I was recently enjoying yet another exciting college supper of suspicious looking meat and an unknown form of potato when a debate developed over the comments of a friend. The person in question stated they believed in Brexit and would vote Conservative. Yet it was the view of another person sitting at the table which I found far more alarming. They suggested Friend A should not be allowed an opinion in group discussions if they were to be the owner of such beliefs. Furthermore, they indicated the friend should move to a different table so that we would not be subjected to the utterances of such an opinion.
This is problematic and highly disturbing. Albeit a mild and seemingly insignificant discussion in the context of a wider political debate, what took place at that college supper exemplifies a new campus culture emerging; those who are of a minority opinion are increasingly refused a platform, under the guise of creating a Safe Space. Since when has controversy become such an enemy of the people that we are imposing a self-censorship which is both regressive and dangerous?
The universities minister, Sam Gyimah recently suggested new guidance to be issued for the Department of Education that would tackle the no-platforming of unpopular points of view on campus. The pertinence and magnitude of the issue cannot be underplayed. Each week, politicians, philanthropists and campaigners are denied an audience in the hubs of student debate and at the centres of knowledge acquisition for the young generation; the university.
Free speech must be protected as a basic human right. Since when did any constitution stipulate the guarantee of citizen’s lives without the experience of offense? Frankly it is absurd and this sense of entitlement is destroying the fundamental principle of free speech.
If free speech is to become victim of systematic and institutionalised persecution, the devastating consequence will be a cloned society devoid of diversity and futuristic thought. In such an intense political climate, there are however, initiatives which strive to protect the free speech enshrined by the UK’s democratic credentials.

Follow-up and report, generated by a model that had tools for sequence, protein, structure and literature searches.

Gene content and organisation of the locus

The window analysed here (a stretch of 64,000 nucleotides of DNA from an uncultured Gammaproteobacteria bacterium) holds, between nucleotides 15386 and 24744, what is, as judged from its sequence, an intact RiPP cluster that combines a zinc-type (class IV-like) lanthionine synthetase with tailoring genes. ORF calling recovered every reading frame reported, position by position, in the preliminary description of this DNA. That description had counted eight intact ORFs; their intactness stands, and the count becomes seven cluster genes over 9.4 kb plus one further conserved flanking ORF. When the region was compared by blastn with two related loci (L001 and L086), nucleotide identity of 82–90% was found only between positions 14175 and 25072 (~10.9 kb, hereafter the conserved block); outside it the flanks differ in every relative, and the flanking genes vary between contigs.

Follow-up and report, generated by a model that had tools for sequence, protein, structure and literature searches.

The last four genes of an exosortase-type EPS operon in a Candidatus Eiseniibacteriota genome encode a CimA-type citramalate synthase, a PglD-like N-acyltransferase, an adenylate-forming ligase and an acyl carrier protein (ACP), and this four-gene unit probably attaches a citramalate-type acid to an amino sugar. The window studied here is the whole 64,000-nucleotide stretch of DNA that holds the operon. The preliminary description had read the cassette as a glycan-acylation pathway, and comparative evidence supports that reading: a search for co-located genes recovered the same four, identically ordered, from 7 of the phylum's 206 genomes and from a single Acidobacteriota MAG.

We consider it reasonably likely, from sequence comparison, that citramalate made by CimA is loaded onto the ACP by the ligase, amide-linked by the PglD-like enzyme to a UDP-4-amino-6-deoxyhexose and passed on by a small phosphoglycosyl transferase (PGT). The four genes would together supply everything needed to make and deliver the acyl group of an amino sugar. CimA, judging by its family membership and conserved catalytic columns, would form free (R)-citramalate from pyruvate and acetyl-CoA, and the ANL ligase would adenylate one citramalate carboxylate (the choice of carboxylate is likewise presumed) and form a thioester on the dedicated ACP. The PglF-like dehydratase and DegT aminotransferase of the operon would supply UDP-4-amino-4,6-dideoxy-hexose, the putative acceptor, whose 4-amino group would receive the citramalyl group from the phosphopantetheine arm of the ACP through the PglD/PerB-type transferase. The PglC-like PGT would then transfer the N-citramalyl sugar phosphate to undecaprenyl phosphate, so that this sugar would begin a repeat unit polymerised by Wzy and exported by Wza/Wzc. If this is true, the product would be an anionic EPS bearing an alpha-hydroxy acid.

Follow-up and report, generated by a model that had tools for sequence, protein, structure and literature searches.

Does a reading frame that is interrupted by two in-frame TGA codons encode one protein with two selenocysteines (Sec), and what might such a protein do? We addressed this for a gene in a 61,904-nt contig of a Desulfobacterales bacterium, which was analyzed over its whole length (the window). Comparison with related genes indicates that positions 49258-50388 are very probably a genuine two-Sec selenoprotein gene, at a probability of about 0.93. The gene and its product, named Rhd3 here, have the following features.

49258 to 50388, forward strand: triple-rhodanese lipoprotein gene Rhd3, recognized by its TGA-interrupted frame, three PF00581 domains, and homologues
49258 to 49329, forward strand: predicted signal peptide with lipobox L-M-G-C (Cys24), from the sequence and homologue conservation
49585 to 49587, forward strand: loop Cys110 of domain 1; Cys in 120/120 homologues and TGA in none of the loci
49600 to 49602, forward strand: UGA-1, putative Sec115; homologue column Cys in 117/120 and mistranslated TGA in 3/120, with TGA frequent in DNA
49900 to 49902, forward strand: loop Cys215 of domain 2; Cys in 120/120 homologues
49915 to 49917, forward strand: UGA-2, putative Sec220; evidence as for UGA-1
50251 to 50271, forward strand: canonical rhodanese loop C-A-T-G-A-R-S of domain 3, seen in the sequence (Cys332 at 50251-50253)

I have recently become involved with The Broad, a nation-wide student project which strives to nurture robust and sophisticated discussion on a broad range of subjects, with no other agenda than the promotion of free speech. Here I have experienced first-hand the outstanding quality of student debate, and it is concerning that such talent is being suppressed across the country.
I’m tired of sitting at supper shying away from vigorous debate due to an overwhelming intolerance of ‘unfashionable’ views; if our fundamental principles are to be shaped by such superficial popularity contests, society and democracy itself will derail into the abyss. To create a stronger future, or indeed a future at all, debate must flourish. It is time for those whose sensibilities controversy offends, to step aside. I may think your view is inherently flawed or in other words total crap, but I won’t refuse you a seat at supper because I disagree.
The victims of restricted free speech on campus are the students and so it is we who carry the responsibility of protecting our basic rights by standing together united. Society is entitled to all debate, society is not entitled to impose sanctions on its very existence.